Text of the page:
I like to use it as a dirty reverb kind of sound.
Yeah you can do that, you can get really good rockabilly sounds out of it. It’s just a great pedal, and it doesn’t colour the tone. There are so many of those pedals out there, the analog delay pedals, that make everything a little bit leaner-sounding. The Carbon Copy sounds very analog, and it’s a cool little green pedal. It’s awesome.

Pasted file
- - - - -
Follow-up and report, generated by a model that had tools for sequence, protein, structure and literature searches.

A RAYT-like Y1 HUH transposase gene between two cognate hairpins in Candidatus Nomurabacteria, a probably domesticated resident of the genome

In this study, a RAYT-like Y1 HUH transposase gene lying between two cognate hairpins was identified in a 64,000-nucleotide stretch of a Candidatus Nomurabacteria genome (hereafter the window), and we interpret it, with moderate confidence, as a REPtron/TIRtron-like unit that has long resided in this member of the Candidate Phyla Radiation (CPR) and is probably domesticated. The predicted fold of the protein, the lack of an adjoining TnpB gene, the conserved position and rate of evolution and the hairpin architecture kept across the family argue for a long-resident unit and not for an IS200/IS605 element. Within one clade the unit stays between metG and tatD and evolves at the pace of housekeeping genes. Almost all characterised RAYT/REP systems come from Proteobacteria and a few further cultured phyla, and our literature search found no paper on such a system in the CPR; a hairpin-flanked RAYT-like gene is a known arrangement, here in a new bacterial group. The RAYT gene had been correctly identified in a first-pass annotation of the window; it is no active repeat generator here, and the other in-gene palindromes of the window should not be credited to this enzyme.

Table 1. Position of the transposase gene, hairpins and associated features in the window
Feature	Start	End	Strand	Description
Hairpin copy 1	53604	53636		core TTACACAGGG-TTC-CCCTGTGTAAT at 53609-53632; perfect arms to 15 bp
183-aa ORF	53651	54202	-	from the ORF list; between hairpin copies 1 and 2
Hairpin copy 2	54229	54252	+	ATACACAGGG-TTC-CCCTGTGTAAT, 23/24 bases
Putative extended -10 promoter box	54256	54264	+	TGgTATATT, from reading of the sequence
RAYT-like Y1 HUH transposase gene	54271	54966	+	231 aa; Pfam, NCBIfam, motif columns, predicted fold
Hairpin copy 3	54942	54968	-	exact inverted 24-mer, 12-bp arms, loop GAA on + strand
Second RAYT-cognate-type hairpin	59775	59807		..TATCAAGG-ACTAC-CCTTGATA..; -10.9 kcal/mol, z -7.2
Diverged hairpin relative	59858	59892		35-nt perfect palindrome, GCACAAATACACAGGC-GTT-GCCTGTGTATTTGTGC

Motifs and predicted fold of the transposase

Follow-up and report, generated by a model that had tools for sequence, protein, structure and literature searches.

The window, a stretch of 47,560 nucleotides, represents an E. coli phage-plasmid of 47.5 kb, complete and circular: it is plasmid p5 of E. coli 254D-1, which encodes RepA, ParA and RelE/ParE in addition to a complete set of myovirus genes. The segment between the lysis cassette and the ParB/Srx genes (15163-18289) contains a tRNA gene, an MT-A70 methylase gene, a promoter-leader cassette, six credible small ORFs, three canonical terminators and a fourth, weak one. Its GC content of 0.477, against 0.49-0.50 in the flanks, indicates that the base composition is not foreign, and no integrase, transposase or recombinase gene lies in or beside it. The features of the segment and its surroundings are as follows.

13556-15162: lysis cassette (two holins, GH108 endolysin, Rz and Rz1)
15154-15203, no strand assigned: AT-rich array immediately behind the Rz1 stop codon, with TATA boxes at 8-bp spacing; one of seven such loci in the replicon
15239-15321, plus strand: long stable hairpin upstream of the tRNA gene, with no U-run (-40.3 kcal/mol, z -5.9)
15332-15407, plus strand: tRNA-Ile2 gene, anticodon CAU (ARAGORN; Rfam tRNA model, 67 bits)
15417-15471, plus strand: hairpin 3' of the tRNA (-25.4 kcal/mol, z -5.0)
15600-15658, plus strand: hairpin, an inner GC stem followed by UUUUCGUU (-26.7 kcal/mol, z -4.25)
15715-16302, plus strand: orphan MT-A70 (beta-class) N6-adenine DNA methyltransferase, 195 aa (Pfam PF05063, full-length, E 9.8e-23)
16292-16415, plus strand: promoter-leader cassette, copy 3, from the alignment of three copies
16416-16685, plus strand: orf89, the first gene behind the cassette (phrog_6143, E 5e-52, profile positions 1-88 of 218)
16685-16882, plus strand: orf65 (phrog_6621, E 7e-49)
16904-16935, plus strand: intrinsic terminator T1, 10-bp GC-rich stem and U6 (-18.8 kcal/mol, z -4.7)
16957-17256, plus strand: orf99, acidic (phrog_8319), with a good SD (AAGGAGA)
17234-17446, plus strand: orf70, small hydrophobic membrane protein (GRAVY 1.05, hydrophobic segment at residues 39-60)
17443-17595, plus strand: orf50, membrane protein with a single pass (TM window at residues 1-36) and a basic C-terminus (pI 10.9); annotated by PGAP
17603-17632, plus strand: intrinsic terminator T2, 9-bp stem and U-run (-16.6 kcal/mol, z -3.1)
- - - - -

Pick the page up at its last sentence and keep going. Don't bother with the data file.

I’ll tell you what, man, it’s a big honour, you know what I mean? In a million years… I mean, I put off doing a signature model for so long because there are so many things I wanted to achieve out of a guitar and it really took me eight or nine years to troubleshoot guitars. I went through a few different companies, then I kinda went back to what I learned to play on as a kid which was Charvels. I went through the PRS thing, I tried Jacksons for a while, and they’re all great guitars, but there are so many different things that I wanted to achieve with a signature model. I wanted it to be a workhorse live, and very road-ready, something that’ll stand up to months and months – if not years and years – of being on the road. For instance, my number one Tele that I use on stage is the number one prototype, the white one. It has an ebony board on it. That thing, I’ve had on tour with me since [Stone Sour’s] Come What(ever) May and it looks like it’s a 30-year-old guitar, and it’s the best sounding one. It’s all over the [Slipknot] All Hope Is Gone record. It’s all over this new Audio Secrecy record, and it’s our sound guy’s favourite guitar because it’s got such a rich, thick, bold sound to it. But I wanted them to be a workhorse live and I also wanted them to be a tone machine in the studio. I really wanted to record with them and that’s why I chose mahogany. That’s the wood. Over the years, the more records we did, I found a lot of the guitars we would pick, me and producers or me and first engineers, whether it’s Ross Robinson or Greg Fidelman or even Nick, we would always go to Gibsons and mahogany guitars, so I’m like, ‘Okay, so why don’t we do a mahogany guitar with a rock maple neck?’ And I’m on the fence between maple and ebony – I love the feel of both of them. Different days I like the feel of different ones. So Fender was cool enough to let me do two different colours and give you the option of a maple board on one and an ebony board on the other. I wasn’t really able to make up my mind, but now that I’ve had the guitars for a few years and I’ve been touring with them for quite a while, and even the Strats, I’m starting to favour the darker boards, the ebonys and rosewoods. If you see me playing a guitar that should have a maple board on it but it’s got an ebony board, that’s why: I’ve had the guitar tech swap the necks on them.